The House Judiciary committee met on Monday to finalize the first congressional map to split Spartanburg and Greenville counties in 90 years. Two new competing maps were introduced on Monday as well. One would include Greenville in one district and divide Spartanburg between two, the other places each county in its own congressional district.

 

The full house will debate the maps next week as the legislative session wraps up, however the senate will have its own version of congressional districts that it will consider as well. South Carolina gained a seventh seat after the 2010 census. Republicans currently hold five of the six current seats in congress.

 

The respective houses must also pass assembly and senate district maps. Most notably, the Senate Judiciary Committee approved a senate map for the states’ 46 senatorial districts this week that eliminated a majority black district. Despite protest from the ACLU- which wanted to maintain the district and add a new one, senate leaders maintained that the map will survive DOJ scrutiny. They are considering submitting the map to the D.C. Federal District Court instead of the Justice Dept for preclearance review.

 
 
• Lawmakers Fight to Keep Upstate's Largest Counties Intact in Redistricting   
• SC Senators Adopt New Senate Seat District Lines, Reject Call for New Minority District  
 
 
 Redistricting Texas  



 
On Monday, in special session, the Texas senate approved a congressional map poised to protect each of the state’s Republican incumbents and potentially gain a seat by dismantling Democratic U.S. Rep. Llyod Doggett’s district.

The map moved to the House Redistricting Committee Thursday and after some minor tweaks, was approved by a party line vote. Democratic lawmakers have told the press that they have filed suit over the map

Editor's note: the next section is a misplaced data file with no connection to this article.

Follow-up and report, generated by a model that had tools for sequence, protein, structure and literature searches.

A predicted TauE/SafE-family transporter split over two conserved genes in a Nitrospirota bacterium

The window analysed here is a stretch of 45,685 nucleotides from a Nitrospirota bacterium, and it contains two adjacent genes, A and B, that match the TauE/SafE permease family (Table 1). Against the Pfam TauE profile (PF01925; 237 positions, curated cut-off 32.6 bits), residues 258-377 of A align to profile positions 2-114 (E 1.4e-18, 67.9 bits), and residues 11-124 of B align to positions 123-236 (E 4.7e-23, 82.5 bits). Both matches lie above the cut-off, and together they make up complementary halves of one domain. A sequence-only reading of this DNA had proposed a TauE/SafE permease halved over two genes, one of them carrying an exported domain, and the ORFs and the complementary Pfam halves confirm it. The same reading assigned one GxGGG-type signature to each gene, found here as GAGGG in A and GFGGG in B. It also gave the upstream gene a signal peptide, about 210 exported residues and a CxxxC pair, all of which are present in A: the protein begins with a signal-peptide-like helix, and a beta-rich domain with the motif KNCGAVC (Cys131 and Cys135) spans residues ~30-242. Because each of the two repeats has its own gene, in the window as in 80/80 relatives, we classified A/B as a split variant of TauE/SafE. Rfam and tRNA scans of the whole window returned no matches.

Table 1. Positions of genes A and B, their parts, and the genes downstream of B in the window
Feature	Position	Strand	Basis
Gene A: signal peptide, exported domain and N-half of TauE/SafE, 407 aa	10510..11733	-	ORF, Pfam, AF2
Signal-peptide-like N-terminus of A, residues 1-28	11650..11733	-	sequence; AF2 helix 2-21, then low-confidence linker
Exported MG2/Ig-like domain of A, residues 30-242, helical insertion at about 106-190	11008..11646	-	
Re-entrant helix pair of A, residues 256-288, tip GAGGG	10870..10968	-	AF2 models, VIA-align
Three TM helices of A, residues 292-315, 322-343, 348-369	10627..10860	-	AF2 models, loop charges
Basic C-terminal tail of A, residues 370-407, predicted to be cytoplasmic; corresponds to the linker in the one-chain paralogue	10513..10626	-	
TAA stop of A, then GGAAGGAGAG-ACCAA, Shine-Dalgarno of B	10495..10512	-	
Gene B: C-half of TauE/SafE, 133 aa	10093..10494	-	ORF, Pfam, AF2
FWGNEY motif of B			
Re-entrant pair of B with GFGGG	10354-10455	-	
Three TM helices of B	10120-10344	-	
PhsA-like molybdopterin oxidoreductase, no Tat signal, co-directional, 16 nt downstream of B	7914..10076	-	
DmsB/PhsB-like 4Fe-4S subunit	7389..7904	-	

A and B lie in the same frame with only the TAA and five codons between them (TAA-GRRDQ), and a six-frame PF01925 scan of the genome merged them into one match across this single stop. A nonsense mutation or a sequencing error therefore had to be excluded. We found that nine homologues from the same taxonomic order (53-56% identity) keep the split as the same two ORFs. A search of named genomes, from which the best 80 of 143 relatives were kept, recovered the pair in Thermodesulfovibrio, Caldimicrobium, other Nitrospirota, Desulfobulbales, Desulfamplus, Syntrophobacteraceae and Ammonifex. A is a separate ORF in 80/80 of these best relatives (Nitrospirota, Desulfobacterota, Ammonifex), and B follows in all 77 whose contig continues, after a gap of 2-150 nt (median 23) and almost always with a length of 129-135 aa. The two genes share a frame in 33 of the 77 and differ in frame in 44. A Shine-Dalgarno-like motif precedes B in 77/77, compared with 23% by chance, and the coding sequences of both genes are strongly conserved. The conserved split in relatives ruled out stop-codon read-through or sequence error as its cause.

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Redistricting Map on its Way to Texas House   
• Lawsuit Looms Over Doggett District Map   
   
 Redistricting Virginia  
 

A Republican led House and Democratic senate approved two separate congressional maps on Thursday. Both houses rejected the others proposals on Thursday and a conference committee has been formed to negotiate a compromise.

 

The crux of the conflict between the two maps centers around the creation of a second majority black district in the Richmond area. The House map does not do this and the senate map does.

Many lawmakers are divided on whether merely maintaining the existing minority district could potentially violate the Voting Rights Act or if adding the second minority would. This is because the existing minority district, represented by U.S. Rep. Robert “Bobby” Scott currently has a black population of 56.4%.

 

To get the second minority district lawmakers had to reduce Scott’s black population to 42%, although the congressman tells the Washington Times that he is comfortable with that and believes he can win reelection with those numbers. The legal question remains however as to whether the proposed shift in black population would amount to “retrogression” under the Act.
 
Virginia Legislative Houses Approve Conflicting Redistricting Plans  
   
   
 Redistricting Washington D.C.  

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The D.C. Council met on Tuesday and approved a revised ward map that places most of Capitol Hill East back into ward 6. This move allayed the concerns of residents detailed in last week’s redistricting wrap-up.

Ward 7 still crosses the Anacostia River, but only to retrieve the 2,000 resident-inmates of the prison and an uninhabited parcel of the waterfront in the current ward 6. Councilmember Marion Barry was the lone dissenting vote on the revised map. He threatened going to the Justice Dept. should the map stand.  A final vote is scheduled for June 21, at 10am. 
 
D.C. Council Approves Boundary Changes